Drinking water fountains, and new public restrooms, are coming to two downtown locations – just not in time for the heat wave settling in.
City of Chilliwack has ordered two multi-purpose water fountains, as well as two public toilet facilities known as ‘Portland Loos’ for downtown, according to Mayor Ken Popove.
They’ll be installed on Young Road just north of Five Corners, as well as near Salish Park on First Avenue.
City chose the ‘Portland Loo’ public restroom kiosks, which are mostly stainless steel, can be solar powered, with blue lighting to discourage substance use. They were designed by City of Portland to deter criminal activity.
The drinking water fountains are the same type as the one on the Vedder Rotary Trail, according to city reps, which received positive feedback for its multi-user design. They are estimated to cost $10,000 each and feature a water spout for humans, for pets, and one for filling water bottles. The cost of the fountains is included in the $200,000 budgeted for each Portland Loo.
Book Man owner Amber Price had praise for the fountain idea.
“While bottles of water are a great stop gap, the real solution resides in making water publicly available at all times,” Price posted. “This allows people to have dignity, and access to safe drinking water, which I believe is a human right. Drinking fountains also cut down on the waste perpetuated by water in plastic bottles.”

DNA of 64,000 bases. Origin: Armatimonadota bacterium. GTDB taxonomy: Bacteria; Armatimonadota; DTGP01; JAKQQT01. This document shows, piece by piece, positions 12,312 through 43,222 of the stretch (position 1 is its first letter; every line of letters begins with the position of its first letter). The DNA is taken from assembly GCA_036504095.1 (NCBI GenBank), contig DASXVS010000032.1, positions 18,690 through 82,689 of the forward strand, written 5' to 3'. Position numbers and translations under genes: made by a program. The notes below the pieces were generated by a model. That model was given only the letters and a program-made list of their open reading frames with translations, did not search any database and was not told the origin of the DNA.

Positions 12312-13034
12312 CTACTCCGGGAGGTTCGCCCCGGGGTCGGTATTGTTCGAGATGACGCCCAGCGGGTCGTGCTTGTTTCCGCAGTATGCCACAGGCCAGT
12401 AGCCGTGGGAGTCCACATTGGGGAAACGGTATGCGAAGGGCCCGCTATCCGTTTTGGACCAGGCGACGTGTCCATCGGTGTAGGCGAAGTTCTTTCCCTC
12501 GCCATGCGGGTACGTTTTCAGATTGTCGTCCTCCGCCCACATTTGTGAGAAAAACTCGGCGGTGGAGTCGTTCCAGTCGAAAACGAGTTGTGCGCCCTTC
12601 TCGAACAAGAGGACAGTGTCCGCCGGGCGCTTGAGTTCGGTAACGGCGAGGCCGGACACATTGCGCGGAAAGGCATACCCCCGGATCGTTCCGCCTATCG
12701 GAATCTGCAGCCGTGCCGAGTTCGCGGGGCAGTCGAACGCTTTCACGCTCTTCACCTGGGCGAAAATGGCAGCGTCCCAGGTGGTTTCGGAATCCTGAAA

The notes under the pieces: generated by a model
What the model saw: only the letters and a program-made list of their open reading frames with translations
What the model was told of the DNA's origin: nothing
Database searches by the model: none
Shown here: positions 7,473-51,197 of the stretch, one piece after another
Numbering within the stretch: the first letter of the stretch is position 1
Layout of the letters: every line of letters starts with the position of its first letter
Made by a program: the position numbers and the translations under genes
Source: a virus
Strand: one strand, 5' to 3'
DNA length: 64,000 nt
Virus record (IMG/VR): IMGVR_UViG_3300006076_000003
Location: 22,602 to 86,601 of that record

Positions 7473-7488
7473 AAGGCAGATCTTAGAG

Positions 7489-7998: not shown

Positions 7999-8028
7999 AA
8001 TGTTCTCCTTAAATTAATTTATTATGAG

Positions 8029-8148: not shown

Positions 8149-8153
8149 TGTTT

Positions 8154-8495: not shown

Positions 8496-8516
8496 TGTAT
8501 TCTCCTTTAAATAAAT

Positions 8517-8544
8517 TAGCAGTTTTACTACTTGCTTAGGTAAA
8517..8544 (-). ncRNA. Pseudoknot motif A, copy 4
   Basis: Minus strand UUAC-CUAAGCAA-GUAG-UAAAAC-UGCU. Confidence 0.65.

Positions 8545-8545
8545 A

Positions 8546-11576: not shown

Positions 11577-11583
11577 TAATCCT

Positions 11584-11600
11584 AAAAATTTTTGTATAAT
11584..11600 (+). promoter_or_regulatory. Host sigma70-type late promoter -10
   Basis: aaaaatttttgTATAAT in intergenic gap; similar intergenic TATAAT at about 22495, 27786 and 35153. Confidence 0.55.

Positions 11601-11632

Concerned business owners and citizens, including Price, had been lobbying city council to make drinking water available to those on the streets, after joining forces to purchase and donate bottled water in bulk for Griffin Security guards to hand out to anyone in need downtown.
Griffin Security, the Downtown Chilliwack Business Improvement Association (BIA), resident Trisha Mercer and others came together for that effort and they filled two pickup trucks with donated water.
Mayor Ken Popove replied to another poster on social media that the pandemic was to blame for slowing things down on this score: “We had hoped to have the drinking water units up and running by June but due to the COVID-19 impacts on the supply chain, the suppliers of those facilities were experiencing manufacturing delays.”
Both downtown sites are pre-serviced and ready to have the units installed.
“We now expect delivery of the units in late July or early August and once received, they will be installed right away,” Popove said. “In the interim, we will continue to support the move to provide bottled water to those in need downtown.”
They have also joined local churches in setting up cooling centres for the duration of the heat warning by Environment Canada.
Some volunteer drivers are available to transport seniors to the cooling centres by emailing Kindness Chain Chilliwack Association at firstname.lastname@example.org
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